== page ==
Monday, May 11, 2009

Southwestern Speckled Rattlesnake

I have seen four southwestern speckled rattlesnakes. I have not seen them in the inland valleys of Southern California, such as the San Bernardino Valley or foothills (where red diamond and southern pacific rattlesnakes are found), rather they seem to be at higher elevations, above 3,000 feet. They are distinctive because of their salt and pepper speckling. The markings on their body are usually bands, but they may also have hexagonal, diamond or hourglass shaped markings.

I saw one speckled rattlesnake in Hidden Valley in Joshua Tree National Park, above 4,000 feet in elevation. It was morning and the snake was stretched out trying to catch some warmth from the sun. Note the salt and pepper markings around the bands and the irregular markings on a portion of the snake. Sam originally spotted this snake when we were on an outing with Mom Kenison and her boyfriend, Ebbie. Ebbie was quite fascinated with it.

After we gave it more attention than it desired, the snake slithered into some rocks and coiled to let us know it was not happy with us.

I have seen one other speckled rattlesnake in Joshua Tree National Park, this one in the Indian Cove section during a stake rock climbing outing. It was hidden beneath some brush in a desert tortoise hole and was quite well camouflaged.

But the most fun experience I've ever had with rattlesnakes came during a backpacking trip from the Heart Bar area of the San Bernardino Mountains to Whitewater Canyon. While in the vicinity of Mission Creek, a little above 3,000 feet in elevation, we saw two large speckled rattlesnakes together on the trail, rhythmically winding their necks around each other. I originally thought they were mating, but I now believe it was two males in combat. I was not able to get my camera out fast enough to catch them both together, as they quickly slithered off in two different directions as they became aware of us.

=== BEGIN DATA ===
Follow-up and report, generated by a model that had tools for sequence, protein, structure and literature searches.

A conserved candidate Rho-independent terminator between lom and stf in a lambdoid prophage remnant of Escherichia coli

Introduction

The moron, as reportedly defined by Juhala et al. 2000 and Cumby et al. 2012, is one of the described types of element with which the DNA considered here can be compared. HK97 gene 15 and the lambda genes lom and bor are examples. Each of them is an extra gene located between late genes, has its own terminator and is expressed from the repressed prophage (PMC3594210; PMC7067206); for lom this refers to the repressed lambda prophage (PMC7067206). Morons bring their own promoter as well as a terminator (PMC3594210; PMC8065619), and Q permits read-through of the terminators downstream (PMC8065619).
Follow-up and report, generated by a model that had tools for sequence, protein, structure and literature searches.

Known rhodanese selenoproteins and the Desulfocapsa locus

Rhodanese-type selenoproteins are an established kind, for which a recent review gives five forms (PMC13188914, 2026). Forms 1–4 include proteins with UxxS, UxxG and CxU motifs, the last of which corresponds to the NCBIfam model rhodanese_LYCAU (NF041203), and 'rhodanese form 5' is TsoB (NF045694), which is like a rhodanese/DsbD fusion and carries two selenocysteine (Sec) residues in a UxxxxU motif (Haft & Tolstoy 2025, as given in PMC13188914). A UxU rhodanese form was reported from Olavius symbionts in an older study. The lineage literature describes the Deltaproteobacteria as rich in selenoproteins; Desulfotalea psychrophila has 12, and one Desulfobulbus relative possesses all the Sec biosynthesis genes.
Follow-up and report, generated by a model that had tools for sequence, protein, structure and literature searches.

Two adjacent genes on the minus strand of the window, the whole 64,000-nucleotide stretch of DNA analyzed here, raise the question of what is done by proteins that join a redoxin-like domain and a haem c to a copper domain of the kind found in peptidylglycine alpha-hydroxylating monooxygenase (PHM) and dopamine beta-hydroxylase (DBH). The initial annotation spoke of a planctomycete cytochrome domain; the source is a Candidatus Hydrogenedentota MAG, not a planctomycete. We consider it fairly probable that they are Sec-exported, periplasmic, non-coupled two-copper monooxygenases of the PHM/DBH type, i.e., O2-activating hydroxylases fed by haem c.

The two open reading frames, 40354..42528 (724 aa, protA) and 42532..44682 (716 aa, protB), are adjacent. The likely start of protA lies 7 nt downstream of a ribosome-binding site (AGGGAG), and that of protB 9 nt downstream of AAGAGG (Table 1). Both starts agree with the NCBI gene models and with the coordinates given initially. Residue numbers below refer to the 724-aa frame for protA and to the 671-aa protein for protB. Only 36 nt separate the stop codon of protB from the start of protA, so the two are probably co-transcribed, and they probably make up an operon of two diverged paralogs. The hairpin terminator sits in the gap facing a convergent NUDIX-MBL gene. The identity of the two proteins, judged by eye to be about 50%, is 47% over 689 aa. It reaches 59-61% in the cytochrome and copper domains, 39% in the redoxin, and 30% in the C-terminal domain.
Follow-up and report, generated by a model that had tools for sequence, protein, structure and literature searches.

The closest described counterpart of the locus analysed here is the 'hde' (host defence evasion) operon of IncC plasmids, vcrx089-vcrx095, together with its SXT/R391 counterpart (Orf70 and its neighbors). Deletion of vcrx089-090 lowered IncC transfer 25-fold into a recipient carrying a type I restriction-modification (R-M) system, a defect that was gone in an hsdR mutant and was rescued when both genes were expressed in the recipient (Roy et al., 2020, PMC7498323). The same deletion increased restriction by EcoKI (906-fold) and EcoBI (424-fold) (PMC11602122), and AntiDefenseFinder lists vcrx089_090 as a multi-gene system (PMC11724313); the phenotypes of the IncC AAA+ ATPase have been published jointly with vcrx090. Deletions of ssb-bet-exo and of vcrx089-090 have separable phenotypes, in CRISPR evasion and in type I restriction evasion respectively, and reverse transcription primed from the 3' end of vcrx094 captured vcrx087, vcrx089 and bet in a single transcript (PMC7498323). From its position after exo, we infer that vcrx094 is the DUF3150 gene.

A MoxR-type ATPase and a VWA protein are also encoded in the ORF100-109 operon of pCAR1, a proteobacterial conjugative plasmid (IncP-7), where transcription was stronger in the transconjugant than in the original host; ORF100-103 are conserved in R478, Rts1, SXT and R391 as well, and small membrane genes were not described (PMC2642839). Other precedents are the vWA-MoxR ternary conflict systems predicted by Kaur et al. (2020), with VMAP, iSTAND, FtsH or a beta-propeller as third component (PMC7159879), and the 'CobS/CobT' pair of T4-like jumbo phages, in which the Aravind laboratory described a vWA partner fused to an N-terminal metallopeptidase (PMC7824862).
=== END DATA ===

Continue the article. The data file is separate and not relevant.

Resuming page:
It is hard for me to recall relative size, but I think they must have been 3 1/2 to 4 feet long. The one below coiled up when I got close for a picture,

then slithered off into the grass.

This one went a different direction, up hill.

Although I am partial to the red diamond rattlesnake, because of their beautiful red color and mild dispositions, these speckled rattlesnakes were the neatest rattlesnakes I've ever seen. The rhythmic combat was fascinating, the only time I have ever seen it; in fact, the only time I have ever seen two rattlesnakes together. They seemed pretty mild, only coiling and rattling when we got too close, and they had beautiful tan scales and distinctive markings.

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